As a former developmental therapist and special education teacher and now as the parent of my own child with special needs, I am going to add an additional reason why kids with ADHD have limited resources to deal with stress. It is my belief that a lot of kids with ADHD or autism spectrum disorders also have what is known as Sensory Integration Disorder or SID. This means that the child is not able to process and regulate incoming sensory stimuli in the way most people do. Think about the senses and what would happen if you were overly sensitive to sights, sounds, smells, touch, tastes and even motion. Noises that may be harmless for us may be painful to the child with sensory integration disorder. Some children may cry or react to wearing clothing with tags or seams because they are overly sensitive to certain tactile stimuli. Other children with sensory integration disorder may be under-sensitive to sensory input and may seek out loud noises, crave constant motion or even bump into people to get a sense of their body in space. The main thing I want you to understand is that a child with this type of disorder is going to encounter much stress as they go about their day attempting to regulate all this incoming sensory stimuli.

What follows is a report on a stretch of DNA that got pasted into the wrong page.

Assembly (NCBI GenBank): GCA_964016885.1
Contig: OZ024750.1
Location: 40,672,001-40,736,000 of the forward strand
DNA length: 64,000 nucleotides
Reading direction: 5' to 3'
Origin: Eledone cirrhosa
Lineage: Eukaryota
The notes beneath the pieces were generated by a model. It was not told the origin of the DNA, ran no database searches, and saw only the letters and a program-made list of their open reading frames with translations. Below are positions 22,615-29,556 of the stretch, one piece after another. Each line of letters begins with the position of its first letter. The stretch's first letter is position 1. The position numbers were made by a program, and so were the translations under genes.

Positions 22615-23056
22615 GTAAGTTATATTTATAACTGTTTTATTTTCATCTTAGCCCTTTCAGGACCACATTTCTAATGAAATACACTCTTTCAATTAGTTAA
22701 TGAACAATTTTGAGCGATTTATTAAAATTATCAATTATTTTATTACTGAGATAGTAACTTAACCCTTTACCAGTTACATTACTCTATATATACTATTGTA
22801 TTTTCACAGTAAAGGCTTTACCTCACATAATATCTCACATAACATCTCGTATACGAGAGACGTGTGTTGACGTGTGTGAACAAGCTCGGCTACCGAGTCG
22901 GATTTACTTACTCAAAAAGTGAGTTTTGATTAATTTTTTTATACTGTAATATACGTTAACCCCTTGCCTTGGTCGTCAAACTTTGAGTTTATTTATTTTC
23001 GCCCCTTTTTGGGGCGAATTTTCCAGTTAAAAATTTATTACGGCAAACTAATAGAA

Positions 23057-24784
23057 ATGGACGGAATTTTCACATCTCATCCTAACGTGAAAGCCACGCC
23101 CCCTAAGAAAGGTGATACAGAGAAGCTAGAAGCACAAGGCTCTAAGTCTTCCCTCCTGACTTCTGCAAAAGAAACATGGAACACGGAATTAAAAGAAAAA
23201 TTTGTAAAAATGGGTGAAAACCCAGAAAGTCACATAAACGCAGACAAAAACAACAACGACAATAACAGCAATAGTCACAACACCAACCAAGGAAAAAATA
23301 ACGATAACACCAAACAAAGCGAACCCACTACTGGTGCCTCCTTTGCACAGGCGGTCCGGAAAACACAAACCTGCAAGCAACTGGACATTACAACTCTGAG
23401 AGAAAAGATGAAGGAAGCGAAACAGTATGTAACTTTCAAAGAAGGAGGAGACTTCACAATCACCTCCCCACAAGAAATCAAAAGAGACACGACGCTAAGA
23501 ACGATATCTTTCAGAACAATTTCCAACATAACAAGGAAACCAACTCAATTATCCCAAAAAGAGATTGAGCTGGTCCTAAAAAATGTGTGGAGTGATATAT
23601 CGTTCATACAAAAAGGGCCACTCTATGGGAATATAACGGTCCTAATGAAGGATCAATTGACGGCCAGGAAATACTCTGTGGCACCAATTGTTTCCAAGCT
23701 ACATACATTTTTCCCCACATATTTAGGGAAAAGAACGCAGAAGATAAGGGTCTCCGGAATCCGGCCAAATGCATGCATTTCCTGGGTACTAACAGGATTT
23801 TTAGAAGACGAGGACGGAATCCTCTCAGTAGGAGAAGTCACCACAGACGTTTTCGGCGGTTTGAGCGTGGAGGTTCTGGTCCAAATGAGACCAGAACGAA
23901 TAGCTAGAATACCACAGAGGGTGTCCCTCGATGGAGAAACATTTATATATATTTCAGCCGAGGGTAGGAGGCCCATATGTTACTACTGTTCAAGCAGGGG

As Professor Vance stated in the aforementioned study, children with ADHD are going to do anything to control their environment. When you look at it this way, it all makes sense. And behavioral problems are a natural reaction to your child's on-going stress. When your child is acting up it may be good to analyze which stressors or anxiety is fueling this behavior. Show me a kid with behavior problems and most of the time you will be showing me a kid who also suffers from underlying anxiety. The key becomes how to help your child deal with stressors in the environment and lessen anxiety.

Here are some suggestions as to how to lower your child's stress, gleaned from my personal experiences as a special educator and as a parent:

  • Make your child's environment as predictable as you are able to. Things like schedules, posted rules, clear consequences for both appropriate and inappropriate behavior can help your child make sense of his or her world. Anxiety is lessened because they know what to expect.